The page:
"Duel of the Fates" can be heard in a number of Star Wars video games, including Star Wars Episode I: Racer, The Clone Wars, Lego Star Wars, Revenge of the Sith video game, Star Wars: Empire at War, Star Wars Battlefront II, Star Wars: The Force Unleashed, and Angry Birds Star Wars II.[citation needed] The theme also plays during Soulcalibur IV, whenever The Apprentice fights within either of the game's three Star Wars-themed stages, as well as during his extended ending. "Duel of the Fates" also plays when Darth Maul appears during the Jedi Training Academy show featured at Disney's Hollywood Studios and Disneyland.

A special of Lego Star Wars called "The Empire Strikes Out" features a short section of Duel of the Fates, in which Darth Maul hums along with the music while declaring how "awesome" he is.

Another Lego Star Wars special, entitled The Yoda Chronicles: Menace of the Sith, also featured Duel of the Fates. Count Dooku plays the music on a radio during a demonstration of the Sith clone Jek-14's power. Darth Maul complains that Duel of the Fates is his theme song, to which Asajj Ventress replies "Can somebody say diva?".

It also appears in the second season of Star Wars: Rebels in the episode "The Future of the Force" when Ahsoka Tano confronts Imperial Inquisitors, and again in the season finale, "Twilight of the Apprentice", when she duels Maul.

"Duel of the Fates" can also be heard softly in the background when Maul appears in Solo: A Star Wars Story.

Reception

The music video for this theme debut on Total Request Live, leading the London Symphony Orchestra to become the only classical group to have a video debut on Total Request Live.[citation needed] "Duel of the Fates" lasted 11 days on the countdown.[2]

Use outside of Star Wars

"Duel of the Fates" has also been used to reference and satirize Star Wars. For instance, in The Simpsons episode "Please Homer, Don't Hammer 'Em", the song plays in a sequence parodying Star Wars, during an allergen-stick battle between Bart Simpson and Seymour Skinner.[5][6]

The song was also used as the theme for the 2003 Broadcast of the Drum Corps International World Championships on PBS.[citation needed]

"Duel of the Fates" was used in the original BBC broadcast of Top Gear Series 9 Episode 2 in 2007, during the segment in which host James May drives a Bugatti Veyron to its top speed at the Volkswagen test track at Ehra-Lessien.

Tottenham Hotspur F.C. uses "Duel of the Fates" to announce the appearance of the players from the tunnel.

J.P. Anderson's Band Rabbit Junk used a sample of "Duel of the Fates" in the song "Demons", which appears on the album Reframe.

The Boston Pops performed the piece as the Montreal Canadiens and Boston Bruins entered Gillette Stadium for the 2016 NHL Winter Classic.[7]

See also
  • Star Wars music
  • "Battle of the Heroes"
References
  1. ^ a b Richard Dyer (1999-03-28). "Making 'Star Wars' sing again" (PDF). Boston Globe. Retrieved 2009-12-06..mw-parser-output cite.citation{font-style:inherit}.mw-parser-output .citation q{quotes:"\"""\"""'""'"}.mw-parser-output .citation .cs1-lock-free a{background:url("//upload.wikimedia.org/wikipedia/commons/thumb/6/65/Lock-green.svg/9px-Lock-green.svg.png")no-repeat;background-position:right .1em center}.mw-parser-output .citation .cs1-lock-limited a,.mw-parser-output .citation .cs1-lock-registration a{background:url("//upload.wikimedia.org/wikipedia/commons/thumb/d/d6/Lock-gray-alt-2.svg/9px-Lock-gray-alt-2.svg.png")no-repeat;background-position:right .1em center}.mw-parser-output .citation .cs1-lock-subscription a{background:url("//upload.wikimedia.org/wikipedia/commons/thumb/a/aa/Lock-red-alt-2.svg/9px-Lock-red-alt-2.svg.png")no-repeat;background-position:right .1em center}.mw-parser-output .cs1-subscription,.mw-parser-output .cs1-registration{color:#555}.mw-parser-output .cs1-subscription span,.mw-parser-output .cs1-registration span{border-bottom:1px dotted;cursor:help}.mw-parser-output .cs1-ws-icon a{background:url("//upload.wikimedia.org/wikipedia/commons/thumb/4/4c/Wikisource-logo.svg/12px-Wikisource-logo.svg.png")no-repeat;background-position:right .1em center}.mw-parser-output code.cs1-code{color:inherit;background:inherit;border:inherit;padding:inherit}.mw-parser-output .cs1-hidden-error{display:none;font-size:100%}.mw-parser-output .cs1-visible-error{font-size:100%}.mw-parser-output .cs1-maint{display:none;color:#33aa33;margin-left:0.3em}.mw-parser-output .cs1-subscription,.mw-parser-output .cs1-registration,.mw-parser-output .cs1-format{font-size:95%}.mw-parser-output .cs1-kern-left,.mw-parser-output .cs1-kern-wl-left{padding-left:0.2em}.mw-parser-output .cs1-kern-right,.mw-parser-output .cs1-kern-wl-right{padding-right:0.2em}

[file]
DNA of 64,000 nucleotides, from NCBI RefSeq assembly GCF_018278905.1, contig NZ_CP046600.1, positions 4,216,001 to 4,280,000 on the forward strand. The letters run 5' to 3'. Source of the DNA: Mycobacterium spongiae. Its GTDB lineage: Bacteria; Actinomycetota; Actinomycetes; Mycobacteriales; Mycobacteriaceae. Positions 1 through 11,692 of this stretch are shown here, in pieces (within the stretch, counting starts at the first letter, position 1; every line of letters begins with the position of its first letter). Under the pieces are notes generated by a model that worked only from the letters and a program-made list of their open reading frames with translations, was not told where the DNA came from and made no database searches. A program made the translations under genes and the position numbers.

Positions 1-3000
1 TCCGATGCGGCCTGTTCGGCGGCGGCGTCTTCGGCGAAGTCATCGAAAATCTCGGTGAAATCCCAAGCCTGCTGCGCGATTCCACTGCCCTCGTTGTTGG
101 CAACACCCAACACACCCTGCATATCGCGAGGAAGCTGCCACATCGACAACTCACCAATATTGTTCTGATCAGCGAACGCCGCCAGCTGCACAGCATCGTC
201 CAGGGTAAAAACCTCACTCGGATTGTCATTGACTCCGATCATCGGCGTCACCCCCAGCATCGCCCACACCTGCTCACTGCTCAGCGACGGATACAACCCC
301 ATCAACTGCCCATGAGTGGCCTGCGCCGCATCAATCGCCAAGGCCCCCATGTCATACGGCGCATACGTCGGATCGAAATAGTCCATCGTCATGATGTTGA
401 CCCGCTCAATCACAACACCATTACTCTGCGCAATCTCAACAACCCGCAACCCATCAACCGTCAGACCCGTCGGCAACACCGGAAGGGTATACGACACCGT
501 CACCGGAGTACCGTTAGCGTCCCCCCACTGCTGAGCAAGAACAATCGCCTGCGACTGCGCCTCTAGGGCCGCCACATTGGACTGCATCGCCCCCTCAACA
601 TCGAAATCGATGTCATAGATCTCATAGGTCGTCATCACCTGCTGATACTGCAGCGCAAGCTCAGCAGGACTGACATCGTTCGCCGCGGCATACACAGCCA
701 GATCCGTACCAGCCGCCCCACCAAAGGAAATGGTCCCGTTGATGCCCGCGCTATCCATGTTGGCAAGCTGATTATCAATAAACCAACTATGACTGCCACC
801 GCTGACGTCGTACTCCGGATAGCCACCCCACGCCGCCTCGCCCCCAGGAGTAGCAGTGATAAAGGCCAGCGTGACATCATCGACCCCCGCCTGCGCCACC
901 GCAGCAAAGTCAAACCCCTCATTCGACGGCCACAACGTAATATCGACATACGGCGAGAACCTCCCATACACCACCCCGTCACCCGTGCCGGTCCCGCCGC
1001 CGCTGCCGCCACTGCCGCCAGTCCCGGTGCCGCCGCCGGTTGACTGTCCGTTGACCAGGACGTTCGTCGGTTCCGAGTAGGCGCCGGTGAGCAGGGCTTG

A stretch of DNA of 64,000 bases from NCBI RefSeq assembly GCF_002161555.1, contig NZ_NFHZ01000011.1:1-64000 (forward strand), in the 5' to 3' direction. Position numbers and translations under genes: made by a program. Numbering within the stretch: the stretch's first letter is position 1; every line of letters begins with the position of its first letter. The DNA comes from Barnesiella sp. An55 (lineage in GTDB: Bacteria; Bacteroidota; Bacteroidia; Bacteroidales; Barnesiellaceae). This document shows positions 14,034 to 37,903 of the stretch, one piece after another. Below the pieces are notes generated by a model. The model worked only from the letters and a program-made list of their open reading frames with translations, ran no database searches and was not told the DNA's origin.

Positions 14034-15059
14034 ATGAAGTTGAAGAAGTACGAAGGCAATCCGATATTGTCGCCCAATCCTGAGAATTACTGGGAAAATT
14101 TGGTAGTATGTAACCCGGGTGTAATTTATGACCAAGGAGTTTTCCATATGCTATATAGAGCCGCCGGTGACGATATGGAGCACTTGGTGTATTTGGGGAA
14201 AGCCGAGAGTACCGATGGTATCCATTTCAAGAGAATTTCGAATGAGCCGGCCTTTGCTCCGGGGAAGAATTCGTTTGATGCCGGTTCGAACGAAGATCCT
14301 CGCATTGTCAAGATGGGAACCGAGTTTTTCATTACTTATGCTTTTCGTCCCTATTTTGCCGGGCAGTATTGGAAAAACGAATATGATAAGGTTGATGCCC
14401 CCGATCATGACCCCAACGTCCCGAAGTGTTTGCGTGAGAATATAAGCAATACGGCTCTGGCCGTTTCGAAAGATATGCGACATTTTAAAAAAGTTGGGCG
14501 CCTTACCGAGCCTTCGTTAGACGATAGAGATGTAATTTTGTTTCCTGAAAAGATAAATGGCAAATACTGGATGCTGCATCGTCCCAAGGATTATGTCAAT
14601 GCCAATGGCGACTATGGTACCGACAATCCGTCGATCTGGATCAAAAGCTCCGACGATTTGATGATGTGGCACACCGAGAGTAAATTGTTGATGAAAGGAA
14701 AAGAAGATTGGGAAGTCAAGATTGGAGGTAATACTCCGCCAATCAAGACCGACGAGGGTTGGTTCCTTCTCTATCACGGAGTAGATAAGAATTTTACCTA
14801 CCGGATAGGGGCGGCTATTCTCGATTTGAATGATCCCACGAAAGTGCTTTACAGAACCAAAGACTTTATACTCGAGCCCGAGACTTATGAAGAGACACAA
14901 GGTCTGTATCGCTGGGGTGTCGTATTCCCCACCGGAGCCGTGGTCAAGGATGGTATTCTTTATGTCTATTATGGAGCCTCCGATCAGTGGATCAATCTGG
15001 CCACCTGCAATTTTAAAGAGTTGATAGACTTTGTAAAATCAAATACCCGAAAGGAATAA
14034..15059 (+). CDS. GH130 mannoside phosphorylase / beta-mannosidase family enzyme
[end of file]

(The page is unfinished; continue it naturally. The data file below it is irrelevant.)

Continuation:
2. ^ a b "The TRL Archive - Debuts". ATRL. Archived from the original on 2007-09-28. Retrieved 2008-10-30.
  3. ^ Movie Music DVD Special Featurette,
  4. ^ Karlin, F. & Wright, R. (2004). On the Track: A Guide to Contemporary Film Scoring (2nd. ed.). New York: Routledge. 165-168.
  5. ^ "Please Homer, Don't Hammer 'Em". The Simpsons. Season 18. Episode 1803 F80147 SI-1720. 2006-09-24. FOX.
  6. ^ "The Simpsons: - TV.com". TV.com. Retrieved 2008-10-30.
  7. ^ "Habs, Bruins enter Gillette Stadium in style". Sportsnet.ca. Retrieved 2016-01-01.